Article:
While Phillip Sanders’ journey to a cure for his sickle cell disease was ultimately successful, it was a path with peaks and valleys and struggles and challenges.
It’s beginning was relatively undramatic and took place during a conversation in October 2017 just after the conclusion of the Sickle Cell Symposium organized by the UAMS Adult Sickle Cell Clinical Program.
Sanders had applied in 2016 to a bone marrow transplant program at the National Institutes of Health and been rejected. When he was in the symposium audience, he heard a presentation from Kathryn Yarkony, Ph.D., APRN, and his hope was renewed.
Yarkony gave the symposium audience an overview of the bone marrow transplant program at Johns Hopkins University in Baltimore where she is the lead transplant coordinator.
Sanders and his mother approached Yarkony after the symposium. Yarkony asked Sanders some questions and after listening to his answers said he likely would be a strong candidate for the Johns Hopkins transplant program.
By December, he had submitted his application and medical records to the program. The following spring he was accepted and made his first trip to Baltimore for the tests and examinations to prepare him for the transplant.
Bone marrow transplants are one of the procedures used to restore stem cells. Recent advances in ‘half-matched’ bone marrow transplantation have allowed for a much broader range of donors, allowing just about any patient to be eligible for the procedure. This means a donor can be found for nearly every patient who needs a bone marrow transplant to be cured, even if the match isn’t exact. During that first time in Baltimore, Sanders’ mother was identified as his donor.
While the process cannot reverse some of the effects of the disease, it can stop its progression and just as importantly, successful transplant patients no longer experience the pain crises that disrupt their lives, often result in disability and send them into emergency departments and the hospital.
Sanders never had a pain crisis until he was 7 and didn’t have another until he was a sophomore in college.
“After that, I kept having more and more crises,” Sanders said. “I had been an athlete and in the band at UAPB. I got to march for President Obama.” He went on to earn his bachelor’s degree in social work and his master’s degree in health care administration.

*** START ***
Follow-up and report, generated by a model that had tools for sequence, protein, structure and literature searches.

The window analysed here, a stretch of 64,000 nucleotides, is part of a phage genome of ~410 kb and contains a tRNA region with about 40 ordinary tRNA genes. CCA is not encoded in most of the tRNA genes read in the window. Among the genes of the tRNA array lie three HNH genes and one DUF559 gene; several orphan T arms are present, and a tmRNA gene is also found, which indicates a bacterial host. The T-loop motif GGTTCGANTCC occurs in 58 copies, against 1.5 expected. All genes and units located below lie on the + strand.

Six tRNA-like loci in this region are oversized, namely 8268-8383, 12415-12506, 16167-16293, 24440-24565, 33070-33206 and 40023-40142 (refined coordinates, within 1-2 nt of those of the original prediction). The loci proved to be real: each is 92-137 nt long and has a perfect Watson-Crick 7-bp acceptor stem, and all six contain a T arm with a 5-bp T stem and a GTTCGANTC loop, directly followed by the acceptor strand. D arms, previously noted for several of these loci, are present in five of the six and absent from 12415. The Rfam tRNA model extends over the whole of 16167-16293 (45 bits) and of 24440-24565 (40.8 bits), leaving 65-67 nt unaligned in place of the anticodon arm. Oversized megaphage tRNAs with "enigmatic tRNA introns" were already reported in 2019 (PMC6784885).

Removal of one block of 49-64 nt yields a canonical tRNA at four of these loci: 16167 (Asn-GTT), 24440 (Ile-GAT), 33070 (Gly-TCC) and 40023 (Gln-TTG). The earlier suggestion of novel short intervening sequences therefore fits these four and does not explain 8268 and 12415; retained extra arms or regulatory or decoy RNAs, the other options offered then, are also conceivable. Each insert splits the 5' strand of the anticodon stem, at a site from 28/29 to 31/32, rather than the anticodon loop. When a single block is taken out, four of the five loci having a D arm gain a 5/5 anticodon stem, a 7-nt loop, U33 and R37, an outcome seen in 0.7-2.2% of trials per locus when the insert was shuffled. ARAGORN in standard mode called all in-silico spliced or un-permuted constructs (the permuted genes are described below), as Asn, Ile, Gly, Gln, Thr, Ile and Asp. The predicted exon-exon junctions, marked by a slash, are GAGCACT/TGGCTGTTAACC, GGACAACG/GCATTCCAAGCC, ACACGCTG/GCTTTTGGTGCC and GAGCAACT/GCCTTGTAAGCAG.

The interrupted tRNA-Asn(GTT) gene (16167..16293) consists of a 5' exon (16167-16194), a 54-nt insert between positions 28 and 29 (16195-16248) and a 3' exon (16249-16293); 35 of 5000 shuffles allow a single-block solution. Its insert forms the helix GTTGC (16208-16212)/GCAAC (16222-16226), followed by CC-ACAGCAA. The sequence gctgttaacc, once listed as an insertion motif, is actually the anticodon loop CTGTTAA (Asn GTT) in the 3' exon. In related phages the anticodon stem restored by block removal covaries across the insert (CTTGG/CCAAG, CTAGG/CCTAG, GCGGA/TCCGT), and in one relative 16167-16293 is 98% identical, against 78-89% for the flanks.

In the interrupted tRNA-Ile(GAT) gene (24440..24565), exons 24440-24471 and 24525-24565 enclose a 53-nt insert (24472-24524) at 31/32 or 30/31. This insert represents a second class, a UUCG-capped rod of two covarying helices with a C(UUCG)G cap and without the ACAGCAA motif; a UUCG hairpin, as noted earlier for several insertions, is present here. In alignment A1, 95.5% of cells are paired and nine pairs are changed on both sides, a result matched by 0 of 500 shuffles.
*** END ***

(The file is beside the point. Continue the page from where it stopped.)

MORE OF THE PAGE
“In 2016, I spent 60% of my time in the hospital,” he said. “I was more there than at home. It was confusing and discouraging. I was having pain crisis after pain crisis and was unable to keep working.”
That made his rejection for transplant discouraging, and learning about the Johns Hopkins program encouraging.
Because the chemo and radiation therapies necessary for the transplant would render him sterile, Sanders and his wife were trying to have a baby first. His son was conceived in 2018, and Sanders had delayed his transplant so he could be in Arkansas for the birth. Early in his wife’s pregnancy, Robert Brodsky, M.D., his transplant physician and the director of the Division of Hematology at Johns Hopkins, informed him that insurance wouldn’t cover it. Sanders said it wasn’t rational, but he felt like he had made a mistake and missed his chance.
“That really broke my heart,” Sanders said. “I had already met with them and done the tests and more. At the same time, my wife and I were trying to have a baby since 2015. We had that clock going with the pregnancy and the bone marrow clock running, too.”
However, Brodsky didn’t give up. He reworked the protocol for Sanders’ treatment, so Sanders could qualify for coverage, and he did. His mother also was identified as his caregiver and money had to be raised to pay for their long stay in Baltimore. On Sept. 1, he and his mother flew to Baltimore, and Sanders underwent a new round of testing and preparation. On Sept. 18, he moved into his hospital room and started receiving chemotherapy.
Chemotherapy destroys the bone marrow tissue that produces the sickled blood cells, and then non-sickling bone marrow from a matching donor replaces it. When the new bone marrow cells from the donor take hold, the new cells start producing a new immune system and new red blood cells in the patients. These red blood cells are healthy and do not cause the disease.
About 10 minutes after his last radiation treatment, the transplant from his mother began.
“You could see the bag with the stem cells in it,” Sanders said. “They put a light on it and you can see them. You can see your cure and see your life change. It’s in that bag. It’s surreal. That bag was worth more to me than any lottery.”
A surgical implant, a line or tube, already had been placed in the left side of his chest through which the bone marrow cells were placed.
Sanders remained in his hospital room for all of October, transferred to on-campus, outpatient housing at Johns Hopkins for all of November and was able to return home in December.
Although there are many risks to having a bone marrow transplant for sickle cell disease, the disease itself comes with many risks, too, like stroke, Sanders said.
“I have things I can’t turn around like bone infarctions in the bones of my legs caused by the disease,” he said. “I am going to need bone replacements some day. This transplant is helping me slow that down. I know I am going to need them one day, but I won’t have to get them next year.”
He’s looking forward to having a life as active it was when he was younger.
In addition to Johns Hopkins, Sanders credits UAMS and the UAMS Sickle Cell Clinical Program are helping him manage his medications. He said with the passing of time he is taking fewer and fewer medications. The story of his cure that began at a UAMS symposium when he had little hope is ending at UAMS with Sanders now a healthier, new father full of optimism.
“My future looks bright, brighter than it ever has been,” he said. “I am trying to get my life back to that active life I had. I will. That’s what I want.”